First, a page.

Polian went on to concede that although the two could be held out initially, it’s likely only a matter of time before they get the nod. Not without characterizing such a reality as unfortunate, though.

“I think they will, unfortunately in my view, because whether you like it or not. these ‘electoral campaigns’ have a way of swinging people,” Polian said. “In my view, and I said this publicly last year, I think the Hall of Fames are for people who make their teams better, not who detract from them.

“Now, T.O. was a bigger detractor over his career than Moss, but you certainly wouldn’t call (Moss’ attitude) any harbinger or example of what you want in a football player other than when he decided to play. ‘I play when I play.’ I don’t buy it.”

Few will deny that Owens and Moss were unique personalities, and perhaps far more difficult to deal with than teams would prefer. But the argument for their place in football history, founded upon clear talent and the historic production to match, seems fairly rock solid.

Owens ranks eighth all time in receptions (1,078), second in receiving yards (15,934), and third in touchdowns. Moss ranks 15th in catches (982), third in yards (15,292), and second in touchdowns (156).

 1st Annual Cartoon Network's "Hall Of Game" Awards - Arrivals

Many people were shocked when Terrell Owens was left off the list of Pro Football Hall of Fame inductees for a second consecutive year.

The case against the six-time Pro Bowl receiver centers around the antics that earned him a reputation as a locker-room problem.

Hall of Fame wideout James Lofton, who happens to have a spot on the voting committee, doesn’t buy into that narrative.

Lofton explained his stance on Owens’ candidacy in an appearance on “The Rich Eisen Show” this week, explaining that everything he witnessed on the field was undoubtedly worthy of football’s highest individual honor.

“When Terrell Owens came up, his presenter came up,” Lofton said, according to CSN Bay Area. “And I may have been the second person to chime in. I looked at what happened on that 100 by 53 1/3-yard field. And what I saw was pretty special. What I saw was Hall of Fame worthy. The thing I’m concerned about with Terrell Owens is that, is he being treated like these who used steroids in baseball. And I don’t think that should be the case at all.”

Lofton, a member of the 2003 Hall of Fame class, went so far as to compare Owens’ numbers to that of his own stellar career. While the eras were certainly different, there’s no comparison in terms of production.

“I had 75 touchdowns during the course of my career,” Lofton said. “The guy that we didn’t let in had 153. I can look at all of T.O.’s other numbers, but I had a hard time with that. Here’s a guy that I looked at, and what he did on the football field, I just thought was phenomenal. And from a person who did the same thing and really appreciates the position, I’m at a loss for words.”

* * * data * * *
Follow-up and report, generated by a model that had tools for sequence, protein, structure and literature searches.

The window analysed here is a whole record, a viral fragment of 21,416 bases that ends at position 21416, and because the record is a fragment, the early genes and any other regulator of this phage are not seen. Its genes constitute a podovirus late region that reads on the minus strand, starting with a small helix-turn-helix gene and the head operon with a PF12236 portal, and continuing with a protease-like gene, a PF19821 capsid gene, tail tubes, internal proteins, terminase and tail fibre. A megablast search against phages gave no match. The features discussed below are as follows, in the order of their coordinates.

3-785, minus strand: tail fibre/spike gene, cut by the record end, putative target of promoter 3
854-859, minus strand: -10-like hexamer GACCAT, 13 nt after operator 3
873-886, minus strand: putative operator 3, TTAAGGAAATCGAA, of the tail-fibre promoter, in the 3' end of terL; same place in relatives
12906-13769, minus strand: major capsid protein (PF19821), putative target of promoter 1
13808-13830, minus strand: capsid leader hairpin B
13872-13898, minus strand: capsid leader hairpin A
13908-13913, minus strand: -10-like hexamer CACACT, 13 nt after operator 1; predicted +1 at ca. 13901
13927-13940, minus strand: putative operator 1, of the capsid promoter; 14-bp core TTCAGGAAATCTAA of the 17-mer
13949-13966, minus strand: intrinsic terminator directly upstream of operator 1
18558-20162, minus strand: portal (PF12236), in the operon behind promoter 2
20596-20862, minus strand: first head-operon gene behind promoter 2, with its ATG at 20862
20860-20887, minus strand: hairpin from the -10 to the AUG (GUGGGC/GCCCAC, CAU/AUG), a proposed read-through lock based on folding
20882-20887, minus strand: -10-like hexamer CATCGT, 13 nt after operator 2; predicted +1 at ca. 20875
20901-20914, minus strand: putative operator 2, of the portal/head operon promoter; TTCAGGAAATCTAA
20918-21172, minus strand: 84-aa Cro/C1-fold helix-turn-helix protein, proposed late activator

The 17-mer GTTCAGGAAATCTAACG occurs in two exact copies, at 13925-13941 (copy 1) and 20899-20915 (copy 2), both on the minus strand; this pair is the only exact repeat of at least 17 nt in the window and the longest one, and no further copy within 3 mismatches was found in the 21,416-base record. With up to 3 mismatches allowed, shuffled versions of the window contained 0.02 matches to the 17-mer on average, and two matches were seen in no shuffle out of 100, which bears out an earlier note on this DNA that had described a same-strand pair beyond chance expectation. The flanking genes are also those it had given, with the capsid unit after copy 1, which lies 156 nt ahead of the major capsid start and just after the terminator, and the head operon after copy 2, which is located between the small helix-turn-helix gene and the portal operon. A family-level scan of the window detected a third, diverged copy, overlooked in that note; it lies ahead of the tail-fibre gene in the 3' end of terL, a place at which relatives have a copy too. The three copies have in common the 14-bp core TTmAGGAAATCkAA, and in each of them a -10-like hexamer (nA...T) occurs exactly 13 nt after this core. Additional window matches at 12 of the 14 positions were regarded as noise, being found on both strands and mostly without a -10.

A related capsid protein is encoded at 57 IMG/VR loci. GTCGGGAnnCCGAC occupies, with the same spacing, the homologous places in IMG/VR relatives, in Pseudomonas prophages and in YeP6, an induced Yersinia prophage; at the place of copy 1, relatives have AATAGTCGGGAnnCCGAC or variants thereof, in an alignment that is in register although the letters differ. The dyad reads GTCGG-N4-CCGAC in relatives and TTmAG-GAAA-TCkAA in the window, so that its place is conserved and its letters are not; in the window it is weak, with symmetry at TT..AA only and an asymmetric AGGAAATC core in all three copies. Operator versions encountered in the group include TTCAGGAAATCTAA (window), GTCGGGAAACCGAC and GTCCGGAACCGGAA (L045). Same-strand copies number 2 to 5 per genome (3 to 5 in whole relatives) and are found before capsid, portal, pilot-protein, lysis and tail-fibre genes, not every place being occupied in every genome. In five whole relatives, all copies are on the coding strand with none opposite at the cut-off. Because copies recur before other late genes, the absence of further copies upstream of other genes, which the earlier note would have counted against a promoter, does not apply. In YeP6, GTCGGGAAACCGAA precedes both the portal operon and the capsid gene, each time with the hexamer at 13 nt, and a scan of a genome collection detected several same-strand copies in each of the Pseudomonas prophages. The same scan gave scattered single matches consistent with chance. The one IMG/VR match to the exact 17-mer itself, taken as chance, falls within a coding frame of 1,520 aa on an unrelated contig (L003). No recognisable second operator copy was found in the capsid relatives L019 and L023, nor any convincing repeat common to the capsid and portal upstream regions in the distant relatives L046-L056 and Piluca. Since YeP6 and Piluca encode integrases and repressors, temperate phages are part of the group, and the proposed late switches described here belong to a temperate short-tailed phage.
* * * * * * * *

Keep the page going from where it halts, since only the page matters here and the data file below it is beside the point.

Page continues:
It’s likely only a matter of time before Owens gets the call he’s been waiting for. Missing out in his first two years of eligibility hardly suggests he isn’t considered a Hall of Fame player, but he arguably accomplished enough that he shouldn’t have to wait.

The former third-round pick was one of the league’s most dominant receivers for the majority of his time with the San Francisco 49ers, Philadelphia Eagles, and Dallas Cowboys. He maintained an impressive level of play well into his late 30s, making an impact with the Buffalo Bills and Cincinnati Bengals over the final two seasons of his 15-year career.

Owens ranks second only to Jerry Rice with 15,934 career receiving yards, third behind only Rice and Randy Moss with 153 touchdown catches, and eighth among all-time leaders in receptions.

While the Hall of Fame voters may have kept Terrell Owens from joining the Canton ranks due to his character issues, at least one of the receiver’s former quarterbacks disagrees with their decision and their reasoning.

Former San Francisco 49ers quarterback Steve Young, who is a Hall of Famer himself, was Owens’ teammate for the first four seasons of his career and believes he deserves a gold jacket to call his own.

“Yeah,” Young told KNBR radio, when asked if Owens should be in the Hall of Fame. “I played with him, I felt like I knew him. I knew the abilities he had. There’s no question he’s struggled with a lot of things, but in the end, yes.”

While Owens developed a loud-mouthed, team-troubling reputation by the end of his career, Young says the youthful receiver showed impressive character and strong work ethic in his early days.

“In ’97-’98 he would say, ‘Yes sir.’ I said, ‘Terrell, call me Steve … I know I’m old, c’mon,'” said Young. “But he was very respectful.

“He worked as hard as Jerry Rice – I’ve never said that about anyone else by the way. He was willing to stand next to Jerry and work, and I’ve never seen that before. So to me, what I saw were his physical abilities were incredible. The work ethic, incredible, and a very respectful guy.”

Young admitted that Owens wasn’t ready to be the leader the 49ers were looking for when he, Rice, and a group of Super Bowl-experienced veterans left the team in 1999.

“The team we had in ’98, if Terrell had’ve (spiked the ball on the Dallas) star, we wouldn’t have let him come back to our sideline,” said Young. “We would’ve said ‘no that doesn’t work.’ To me it opened up an avenue where he became a de facto leader and I don’t think he was ready for those shoes.”

Taking the good with the bad, Young still believes Owens made enough of an impact on the game to deserve a place in football immortality.